The Save of My Life by Corey Hirsch & Sean Patrick Conboy
The NHL goalie and Olympic gold medallist opens up about his mental health journey
By the time he was twenty-two years old, goaltender Corey Hirsch had realized his childhood dream of playing in the NHL, won an Olympic medal and drunk from the Stanley Cup. While he excelled on the ice, out of the net Hirsch was plagued by persistent dark thoughts and ceaseless anxiety. On days when he could barely get out of bed, he was able to push aside the endless loop of dark thoughts running inside his brain long enough to win a game. But as soon as he got back home, the agonizing cycle started all over again. And it continued, until finally he was able to confide in a team trainer who helped him get the professional treatment he needed. Diagnosed with obsessive-compulsive disorder, Hirsch was able to embark on the rocky road to recovery. As one of the first professional athletes to talk openly about mental health, Hirsch wrote about his OCD for the Players' Tribune. His piece remains one of their most-read articles ever. (From HarperCollins Canada)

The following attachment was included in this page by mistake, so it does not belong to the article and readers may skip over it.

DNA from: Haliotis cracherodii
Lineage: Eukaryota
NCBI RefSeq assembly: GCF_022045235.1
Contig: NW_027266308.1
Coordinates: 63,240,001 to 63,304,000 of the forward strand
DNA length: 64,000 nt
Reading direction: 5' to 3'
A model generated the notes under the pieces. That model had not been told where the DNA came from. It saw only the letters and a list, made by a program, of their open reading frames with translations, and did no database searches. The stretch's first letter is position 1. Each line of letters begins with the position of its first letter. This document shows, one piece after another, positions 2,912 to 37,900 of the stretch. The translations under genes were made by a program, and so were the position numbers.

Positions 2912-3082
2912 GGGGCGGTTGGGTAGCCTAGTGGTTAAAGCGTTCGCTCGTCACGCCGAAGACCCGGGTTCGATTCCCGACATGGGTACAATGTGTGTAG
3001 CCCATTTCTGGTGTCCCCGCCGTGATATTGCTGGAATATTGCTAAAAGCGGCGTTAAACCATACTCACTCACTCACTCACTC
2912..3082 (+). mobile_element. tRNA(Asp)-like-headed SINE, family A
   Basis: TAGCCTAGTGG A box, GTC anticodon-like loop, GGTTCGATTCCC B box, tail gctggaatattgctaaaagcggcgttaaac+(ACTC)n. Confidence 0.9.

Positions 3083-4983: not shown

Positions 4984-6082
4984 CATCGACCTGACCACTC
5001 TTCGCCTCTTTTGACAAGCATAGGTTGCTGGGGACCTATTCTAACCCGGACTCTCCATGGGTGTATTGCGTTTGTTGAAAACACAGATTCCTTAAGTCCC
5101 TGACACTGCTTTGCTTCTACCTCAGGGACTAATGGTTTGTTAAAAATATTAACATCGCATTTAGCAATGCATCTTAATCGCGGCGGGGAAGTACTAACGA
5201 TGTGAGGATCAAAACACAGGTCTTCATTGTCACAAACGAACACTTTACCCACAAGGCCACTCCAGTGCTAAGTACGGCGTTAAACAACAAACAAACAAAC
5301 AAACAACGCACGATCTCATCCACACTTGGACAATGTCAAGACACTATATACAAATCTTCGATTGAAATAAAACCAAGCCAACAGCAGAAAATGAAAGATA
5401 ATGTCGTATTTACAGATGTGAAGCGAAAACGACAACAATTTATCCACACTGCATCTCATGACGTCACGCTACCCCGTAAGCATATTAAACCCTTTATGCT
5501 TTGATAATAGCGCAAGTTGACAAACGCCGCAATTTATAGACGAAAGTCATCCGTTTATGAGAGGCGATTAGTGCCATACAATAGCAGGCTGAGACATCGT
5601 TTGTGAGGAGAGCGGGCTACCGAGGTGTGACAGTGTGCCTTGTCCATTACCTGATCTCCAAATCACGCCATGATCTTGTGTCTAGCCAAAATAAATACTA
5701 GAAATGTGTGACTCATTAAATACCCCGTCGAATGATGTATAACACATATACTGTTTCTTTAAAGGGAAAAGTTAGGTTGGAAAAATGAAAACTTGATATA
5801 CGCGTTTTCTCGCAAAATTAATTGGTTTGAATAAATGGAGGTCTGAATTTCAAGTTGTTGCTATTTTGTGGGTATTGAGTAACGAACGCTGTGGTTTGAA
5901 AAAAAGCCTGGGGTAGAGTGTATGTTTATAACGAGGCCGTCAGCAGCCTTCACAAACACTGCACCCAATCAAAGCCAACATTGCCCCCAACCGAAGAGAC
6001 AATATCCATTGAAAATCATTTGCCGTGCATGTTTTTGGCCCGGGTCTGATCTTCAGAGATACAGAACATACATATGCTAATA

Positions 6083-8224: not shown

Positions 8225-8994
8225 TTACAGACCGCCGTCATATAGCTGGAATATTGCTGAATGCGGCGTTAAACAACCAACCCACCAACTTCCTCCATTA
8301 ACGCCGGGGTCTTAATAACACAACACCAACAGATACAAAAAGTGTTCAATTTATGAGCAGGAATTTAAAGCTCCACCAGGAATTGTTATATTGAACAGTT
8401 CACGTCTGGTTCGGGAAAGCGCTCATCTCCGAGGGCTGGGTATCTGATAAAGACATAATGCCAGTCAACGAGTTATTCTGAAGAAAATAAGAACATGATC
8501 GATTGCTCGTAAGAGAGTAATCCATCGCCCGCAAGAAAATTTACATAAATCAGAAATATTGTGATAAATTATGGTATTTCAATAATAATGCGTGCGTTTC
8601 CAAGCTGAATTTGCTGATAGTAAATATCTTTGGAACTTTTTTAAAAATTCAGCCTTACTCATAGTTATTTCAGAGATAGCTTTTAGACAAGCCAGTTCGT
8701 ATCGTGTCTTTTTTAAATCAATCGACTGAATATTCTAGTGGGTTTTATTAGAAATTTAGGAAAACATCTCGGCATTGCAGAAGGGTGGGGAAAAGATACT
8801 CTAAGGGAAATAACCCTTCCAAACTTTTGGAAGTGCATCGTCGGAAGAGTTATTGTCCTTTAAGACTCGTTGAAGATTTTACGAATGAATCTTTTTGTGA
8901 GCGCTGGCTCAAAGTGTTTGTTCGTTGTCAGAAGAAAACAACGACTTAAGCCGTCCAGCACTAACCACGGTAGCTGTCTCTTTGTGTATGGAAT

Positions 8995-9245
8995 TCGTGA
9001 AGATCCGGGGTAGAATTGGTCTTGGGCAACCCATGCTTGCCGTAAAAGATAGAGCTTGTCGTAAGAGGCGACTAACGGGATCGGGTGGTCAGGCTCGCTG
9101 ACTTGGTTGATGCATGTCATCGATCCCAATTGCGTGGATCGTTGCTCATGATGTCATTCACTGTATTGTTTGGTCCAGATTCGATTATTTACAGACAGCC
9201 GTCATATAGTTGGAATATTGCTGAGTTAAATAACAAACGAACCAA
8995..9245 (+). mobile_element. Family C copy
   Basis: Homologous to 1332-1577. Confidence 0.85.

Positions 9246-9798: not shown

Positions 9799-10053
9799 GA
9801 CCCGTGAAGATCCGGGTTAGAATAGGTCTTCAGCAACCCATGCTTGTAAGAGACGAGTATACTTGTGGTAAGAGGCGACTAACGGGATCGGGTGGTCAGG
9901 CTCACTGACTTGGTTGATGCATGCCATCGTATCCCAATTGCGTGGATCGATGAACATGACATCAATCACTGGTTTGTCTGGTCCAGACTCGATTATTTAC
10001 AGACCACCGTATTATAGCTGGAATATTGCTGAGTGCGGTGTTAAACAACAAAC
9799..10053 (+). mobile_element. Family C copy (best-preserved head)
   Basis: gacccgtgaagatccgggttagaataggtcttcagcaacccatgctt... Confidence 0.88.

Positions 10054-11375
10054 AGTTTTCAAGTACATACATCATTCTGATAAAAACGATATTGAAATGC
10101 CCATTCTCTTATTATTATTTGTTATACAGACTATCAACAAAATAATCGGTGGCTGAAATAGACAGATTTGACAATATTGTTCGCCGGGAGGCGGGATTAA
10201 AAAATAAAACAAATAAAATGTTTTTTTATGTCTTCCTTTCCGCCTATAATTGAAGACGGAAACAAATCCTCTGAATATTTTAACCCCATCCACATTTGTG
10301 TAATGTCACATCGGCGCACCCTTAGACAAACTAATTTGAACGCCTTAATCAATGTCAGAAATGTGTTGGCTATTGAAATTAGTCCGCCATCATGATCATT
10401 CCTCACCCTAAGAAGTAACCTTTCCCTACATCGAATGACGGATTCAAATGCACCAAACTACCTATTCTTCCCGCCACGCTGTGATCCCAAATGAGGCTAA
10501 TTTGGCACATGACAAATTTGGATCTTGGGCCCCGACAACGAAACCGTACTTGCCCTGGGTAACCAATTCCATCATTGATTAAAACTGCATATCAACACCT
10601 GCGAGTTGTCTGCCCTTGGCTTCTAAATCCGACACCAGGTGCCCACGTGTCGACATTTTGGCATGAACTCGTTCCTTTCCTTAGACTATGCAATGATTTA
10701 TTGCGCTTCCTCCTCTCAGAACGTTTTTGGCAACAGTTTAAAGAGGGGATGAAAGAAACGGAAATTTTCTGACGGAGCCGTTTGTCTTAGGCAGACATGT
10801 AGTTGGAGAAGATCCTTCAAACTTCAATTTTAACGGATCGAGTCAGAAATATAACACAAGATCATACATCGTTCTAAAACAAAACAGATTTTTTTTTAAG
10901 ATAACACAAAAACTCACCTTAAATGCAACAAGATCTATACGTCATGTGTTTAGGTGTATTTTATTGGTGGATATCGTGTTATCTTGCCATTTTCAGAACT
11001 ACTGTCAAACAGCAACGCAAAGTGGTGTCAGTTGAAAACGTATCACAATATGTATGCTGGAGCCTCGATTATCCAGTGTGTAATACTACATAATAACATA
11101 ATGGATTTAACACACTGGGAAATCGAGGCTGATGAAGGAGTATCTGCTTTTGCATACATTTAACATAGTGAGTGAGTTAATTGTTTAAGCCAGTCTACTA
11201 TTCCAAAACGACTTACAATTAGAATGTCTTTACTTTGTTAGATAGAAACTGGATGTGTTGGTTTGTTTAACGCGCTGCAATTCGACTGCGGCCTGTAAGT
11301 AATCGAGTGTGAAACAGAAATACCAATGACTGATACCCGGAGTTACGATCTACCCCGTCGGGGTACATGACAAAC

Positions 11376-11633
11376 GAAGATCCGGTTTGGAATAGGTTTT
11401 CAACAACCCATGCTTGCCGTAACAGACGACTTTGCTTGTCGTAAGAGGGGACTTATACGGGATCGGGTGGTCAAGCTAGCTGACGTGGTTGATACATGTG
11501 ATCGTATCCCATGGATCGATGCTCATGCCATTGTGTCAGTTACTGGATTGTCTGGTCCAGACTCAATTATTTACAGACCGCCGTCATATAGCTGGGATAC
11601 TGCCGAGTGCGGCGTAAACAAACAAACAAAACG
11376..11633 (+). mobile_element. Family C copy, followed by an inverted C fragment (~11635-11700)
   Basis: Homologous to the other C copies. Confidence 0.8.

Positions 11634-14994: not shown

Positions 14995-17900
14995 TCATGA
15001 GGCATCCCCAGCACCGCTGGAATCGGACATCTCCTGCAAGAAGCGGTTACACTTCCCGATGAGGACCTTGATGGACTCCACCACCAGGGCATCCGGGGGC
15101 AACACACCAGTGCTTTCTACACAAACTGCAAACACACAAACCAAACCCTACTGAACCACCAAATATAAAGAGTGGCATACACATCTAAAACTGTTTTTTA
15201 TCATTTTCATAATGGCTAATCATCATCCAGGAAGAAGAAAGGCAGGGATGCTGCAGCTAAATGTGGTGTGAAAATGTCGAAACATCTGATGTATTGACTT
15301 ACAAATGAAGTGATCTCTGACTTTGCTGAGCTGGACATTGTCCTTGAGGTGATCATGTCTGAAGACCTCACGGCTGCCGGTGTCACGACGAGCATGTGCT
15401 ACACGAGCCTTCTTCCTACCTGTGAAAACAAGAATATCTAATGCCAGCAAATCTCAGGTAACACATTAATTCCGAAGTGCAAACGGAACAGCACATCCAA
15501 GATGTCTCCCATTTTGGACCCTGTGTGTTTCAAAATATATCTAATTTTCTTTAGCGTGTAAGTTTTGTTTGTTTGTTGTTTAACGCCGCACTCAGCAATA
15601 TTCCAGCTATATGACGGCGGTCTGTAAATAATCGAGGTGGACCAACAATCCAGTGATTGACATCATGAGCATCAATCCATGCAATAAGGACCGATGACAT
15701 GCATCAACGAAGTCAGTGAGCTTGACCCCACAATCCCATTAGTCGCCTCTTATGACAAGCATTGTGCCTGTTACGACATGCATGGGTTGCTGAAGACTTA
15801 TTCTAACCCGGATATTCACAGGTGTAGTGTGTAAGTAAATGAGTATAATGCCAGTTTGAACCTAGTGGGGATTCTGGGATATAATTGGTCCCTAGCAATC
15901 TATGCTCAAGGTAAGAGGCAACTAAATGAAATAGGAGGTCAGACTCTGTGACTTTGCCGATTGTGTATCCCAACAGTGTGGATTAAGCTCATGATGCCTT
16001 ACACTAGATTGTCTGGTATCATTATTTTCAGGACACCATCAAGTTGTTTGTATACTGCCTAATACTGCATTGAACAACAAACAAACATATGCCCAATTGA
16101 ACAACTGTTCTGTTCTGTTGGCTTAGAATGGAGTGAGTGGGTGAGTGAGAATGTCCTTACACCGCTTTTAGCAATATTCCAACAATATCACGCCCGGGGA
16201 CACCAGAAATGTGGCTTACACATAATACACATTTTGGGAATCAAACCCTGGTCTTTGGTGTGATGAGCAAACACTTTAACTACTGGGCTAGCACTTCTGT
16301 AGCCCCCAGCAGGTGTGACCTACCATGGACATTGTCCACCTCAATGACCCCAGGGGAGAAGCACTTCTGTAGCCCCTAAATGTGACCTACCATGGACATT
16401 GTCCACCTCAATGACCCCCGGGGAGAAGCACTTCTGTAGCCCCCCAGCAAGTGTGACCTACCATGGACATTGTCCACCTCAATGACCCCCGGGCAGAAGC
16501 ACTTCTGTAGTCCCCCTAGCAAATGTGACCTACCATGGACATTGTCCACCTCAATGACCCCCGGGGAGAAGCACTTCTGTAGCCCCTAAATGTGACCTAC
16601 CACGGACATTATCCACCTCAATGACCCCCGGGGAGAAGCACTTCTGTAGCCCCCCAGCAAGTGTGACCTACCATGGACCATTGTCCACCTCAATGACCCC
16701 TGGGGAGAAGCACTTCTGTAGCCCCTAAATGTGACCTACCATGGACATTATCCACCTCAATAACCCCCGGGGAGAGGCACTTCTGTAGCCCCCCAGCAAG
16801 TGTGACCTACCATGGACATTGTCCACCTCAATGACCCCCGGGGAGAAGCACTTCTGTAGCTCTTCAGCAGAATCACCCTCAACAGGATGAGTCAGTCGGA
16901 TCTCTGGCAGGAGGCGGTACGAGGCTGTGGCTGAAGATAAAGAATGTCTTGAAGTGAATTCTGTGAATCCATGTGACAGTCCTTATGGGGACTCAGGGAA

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In 1994, Corey Hirsch won the Stanley Cup with the New York Rangers as well as a silver medal at the Olympics. Born in Medicine Hat and raised in Calgary, he was drafted by the New York Rangers and played for many seasons with the Vancouver Canucks. After retiring from play, Hirsch became an NHL coach for elite goaltenders and prospects, and later an analyst with Sportsnet. He also became the national youth ambassador for the Centre for Addiction and Mental Health (CAMH) and a co-host of The Players' Tribune podcast, Blindsided.
Sean Conboy is the editor-in-chief of the Players' Tribune. Prior to joining the Players' Tribune, Conboy was a contributing writer for Wired magazine.